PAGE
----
“I, Robot” inverts Qiana’s original question and seems to ask, Can this EC comic transform you, the reader, into a lustful, bloodthirsty, bigoted villain? Or have Otto Binder and Joe Orlando merely held a mirror up to EC’s audience, one they hope will challenge readers to reflect more deeply on issues beyond the fantastic realm of the comic itself?

Binder addresses these issues in another EC adaptation of one of his earlier science fiction stories, “The Teacher from Mars,” also drawn by Joe Orlando and colored by Marie Severin for Weird Science-Fantasy Number 24 (dated June 1954). As Schelly points out in Words of Wonder, Binder selected “The Teacher from Mars,” first published in Thrilling Wonder Stories in 1941, for Leo Margulies and Oscar J. Friend’s 1949 collection My Best Science Fiction Story, which includes stories from Isaac Asimov, Robert Bloch, and Harry Kuttner. In his introduction, Binder explains that “the story,” in which human students abuse and terrorize their Martian teacher, “was a good medium for showing the evils of discrimination and intolerance. Sadly enough,” he continues,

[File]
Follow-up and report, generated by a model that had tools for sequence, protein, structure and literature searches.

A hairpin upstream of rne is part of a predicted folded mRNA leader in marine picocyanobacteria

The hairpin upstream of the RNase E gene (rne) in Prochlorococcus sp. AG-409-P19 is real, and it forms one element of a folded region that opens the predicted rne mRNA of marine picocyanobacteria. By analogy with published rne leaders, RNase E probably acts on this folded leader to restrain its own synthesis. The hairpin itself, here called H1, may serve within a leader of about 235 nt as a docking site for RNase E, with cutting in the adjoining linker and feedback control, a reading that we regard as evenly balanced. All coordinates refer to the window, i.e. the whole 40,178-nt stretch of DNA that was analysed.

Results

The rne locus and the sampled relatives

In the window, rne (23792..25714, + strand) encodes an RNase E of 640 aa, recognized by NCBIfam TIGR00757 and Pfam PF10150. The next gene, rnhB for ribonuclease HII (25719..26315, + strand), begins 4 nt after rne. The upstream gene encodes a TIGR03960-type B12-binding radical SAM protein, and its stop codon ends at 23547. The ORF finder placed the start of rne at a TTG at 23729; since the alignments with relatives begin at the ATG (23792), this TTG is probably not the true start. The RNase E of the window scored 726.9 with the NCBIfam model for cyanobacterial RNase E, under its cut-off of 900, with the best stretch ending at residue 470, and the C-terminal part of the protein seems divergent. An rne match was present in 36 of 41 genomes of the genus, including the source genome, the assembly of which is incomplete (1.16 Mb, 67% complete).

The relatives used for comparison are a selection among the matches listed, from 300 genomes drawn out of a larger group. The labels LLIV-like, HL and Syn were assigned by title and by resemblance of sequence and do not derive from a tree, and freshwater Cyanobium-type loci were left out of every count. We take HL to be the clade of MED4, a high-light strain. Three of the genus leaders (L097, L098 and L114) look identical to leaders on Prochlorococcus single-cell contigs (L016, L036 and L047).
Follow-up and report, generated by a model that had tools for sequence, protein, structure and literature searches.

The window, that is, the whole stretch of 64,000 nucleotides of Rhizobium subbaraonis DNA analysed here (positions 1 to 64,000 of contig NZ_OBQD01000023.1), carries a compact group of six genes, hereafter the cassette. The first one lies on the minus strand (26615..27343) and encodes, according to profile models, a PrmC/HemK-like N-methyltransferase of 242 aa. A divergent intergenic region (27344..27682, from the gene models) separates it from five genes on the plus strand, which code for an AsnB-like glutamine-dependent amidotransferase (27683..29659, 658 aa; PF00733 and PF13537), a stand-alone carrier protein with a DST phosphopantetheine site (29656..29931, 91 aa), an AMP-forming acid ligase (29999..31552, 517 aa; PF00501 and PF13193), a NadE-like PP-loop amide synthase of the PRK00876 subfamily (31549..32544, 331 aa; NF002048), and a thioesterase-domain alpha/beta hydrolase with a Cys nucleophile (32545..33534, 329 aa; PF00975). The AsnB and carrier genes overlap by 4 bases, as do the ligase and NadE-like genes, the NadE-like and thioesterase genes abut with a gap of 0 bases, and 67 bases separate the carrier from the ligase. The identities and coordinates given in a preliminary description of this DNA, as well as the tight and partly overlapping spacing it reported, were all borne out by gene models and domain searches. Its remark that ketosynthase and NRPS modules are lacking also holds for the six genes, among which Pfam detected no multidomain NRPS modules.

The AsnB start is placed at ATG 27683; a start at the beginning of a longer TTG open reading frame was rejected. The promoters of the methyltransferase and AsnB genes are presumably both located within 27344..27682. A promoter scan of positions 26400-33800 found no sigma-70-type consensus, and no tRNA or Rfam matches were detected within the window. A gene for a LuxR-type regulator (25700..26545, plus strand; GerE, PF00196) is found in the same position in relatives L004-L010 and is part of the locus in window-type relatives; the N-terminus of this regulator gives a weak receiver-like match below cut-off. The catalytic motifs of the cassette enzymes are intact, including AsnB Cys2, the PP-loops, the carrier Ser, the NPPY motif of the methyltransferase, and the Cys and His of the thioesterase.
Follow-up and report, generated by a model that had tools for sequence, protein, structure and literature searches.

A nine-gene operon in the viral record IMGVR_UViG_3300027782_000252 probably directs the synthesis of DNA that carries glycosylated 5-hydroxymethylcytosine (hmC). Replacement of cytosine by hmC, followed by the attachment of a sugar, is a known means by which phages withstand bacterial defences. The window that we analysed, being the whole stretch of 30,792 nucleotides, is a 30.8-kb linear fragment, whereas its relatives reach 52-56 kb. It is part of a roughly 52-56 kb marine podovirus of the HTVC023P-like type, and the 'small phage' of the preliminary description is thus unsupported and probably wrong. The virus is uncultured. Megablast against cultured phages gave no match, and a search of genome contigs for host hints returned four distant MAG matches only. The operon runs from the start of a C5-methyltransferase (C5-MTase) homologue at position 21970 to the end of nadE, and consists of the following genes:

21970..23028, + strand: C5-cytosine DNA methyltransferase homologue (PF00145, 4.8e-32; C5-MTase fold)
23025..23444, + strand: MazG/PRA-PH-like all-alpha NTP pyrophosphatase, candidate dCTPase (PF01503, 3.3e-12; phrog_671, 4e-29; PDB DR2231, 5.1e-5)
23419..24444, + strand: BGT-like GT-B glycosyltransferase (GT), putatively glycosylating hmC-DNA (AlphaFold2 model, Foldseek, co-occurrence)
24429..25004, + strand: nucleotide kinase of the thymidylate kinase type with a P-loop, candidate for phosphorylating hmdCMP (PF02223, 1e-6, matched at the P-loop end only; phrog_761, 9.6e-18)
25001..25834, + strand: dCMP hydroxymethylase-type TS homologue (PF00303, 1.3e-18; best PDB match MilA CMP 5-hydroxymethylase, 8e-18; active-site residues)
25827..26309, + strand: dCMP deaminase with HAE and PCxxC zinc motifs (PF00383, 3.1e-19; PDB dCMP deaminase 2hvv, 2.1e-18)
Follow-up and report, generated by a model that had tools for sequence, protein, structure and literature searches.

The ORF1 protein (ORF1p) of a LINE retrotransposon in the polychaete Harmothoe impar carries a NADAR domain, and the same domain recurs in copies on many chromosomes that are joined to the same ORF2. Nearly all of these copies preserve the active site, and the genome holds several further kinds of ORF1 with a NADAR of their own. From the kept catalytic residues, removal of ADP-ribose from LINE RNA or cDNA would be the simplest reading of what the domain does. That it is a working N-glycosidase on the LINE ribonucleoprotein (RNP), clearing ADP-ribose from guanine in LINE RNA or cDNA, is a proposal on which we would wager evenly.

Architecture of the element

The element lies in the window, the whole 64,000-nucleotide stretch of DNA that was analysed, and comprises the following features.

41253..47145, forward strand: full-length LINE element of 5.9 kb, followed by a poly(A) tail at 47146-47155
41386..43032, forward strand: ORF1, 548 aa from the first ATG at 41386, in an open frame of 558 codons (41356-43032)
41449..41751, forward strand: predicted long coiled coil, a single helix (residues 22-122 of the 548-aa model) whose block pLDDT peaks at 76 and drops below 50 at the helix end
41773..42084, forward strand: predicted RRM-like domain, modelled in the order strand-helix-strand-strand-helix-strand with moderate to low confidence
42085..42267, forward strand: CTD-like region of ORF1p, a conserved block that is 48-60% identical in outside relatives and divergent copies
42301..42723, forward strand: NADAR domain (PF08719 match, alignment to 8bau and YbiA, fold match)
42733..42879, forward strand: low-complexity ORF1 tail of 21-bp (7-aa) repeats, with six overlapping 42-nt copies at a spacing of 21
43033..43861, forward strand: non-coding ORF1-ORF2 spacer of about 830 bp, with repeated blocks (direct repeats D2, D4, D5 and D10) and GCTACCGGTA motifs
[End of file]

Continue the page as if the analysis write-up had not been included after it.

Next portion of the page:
we have not yet eliminated those degrading influences on our world. The Martian in this story is the symbol of all such reasonless antagonism between “races.” Not that I wrote the story solely for that reason. It just happened to strike me as the best “human interest” approach. The “moral” was incidental.


In most of his work, from the Captain Marvel stories of the 1940s through his Superman narratives in the 1950s and even his scripts for Gold Key’s Mighty Samson in the 1960s, Binder again and again sought to explore what he refers to as the “‘human interest’ approach.” As Bill Schelly has argued in his comments on “The Teacher from Mars,” “Though Binder denied that the anti-discrimination sentiments in the story were his main reason for writing it, they are there nonetheless.” Therefore, is the “moral” really “incidental” in “I, Robot” or “The Teacher from Mars”? And what does Joe Orlando’s work bring to these comic book versions of Binder’s original short stories?

The EC version of “I, Robot” raises interesting questions, not only about adaptions of prose works into comic book form, but also about the moral imagination of creators like Binder and artist Joe Orlando. The complexity of the point-of-view in Adam Link’s narrative might be read in light of a passage from James Baldwin’s essay “Everybody’s Protest Novel”:
The failure of the protest novel lies in its rejection of life, the human being, the denial of his beauty, dread, power, in its insistence that it is his categorization alone which is real and which cannot be transcended.


How might Baldwin’s critique of Uncle Tom’s Cabin and the “protest novel”—a work of fiction that sets out to raise consciousness and fight social injustices—help us to read the many versions of Binder’s “I, Robot”?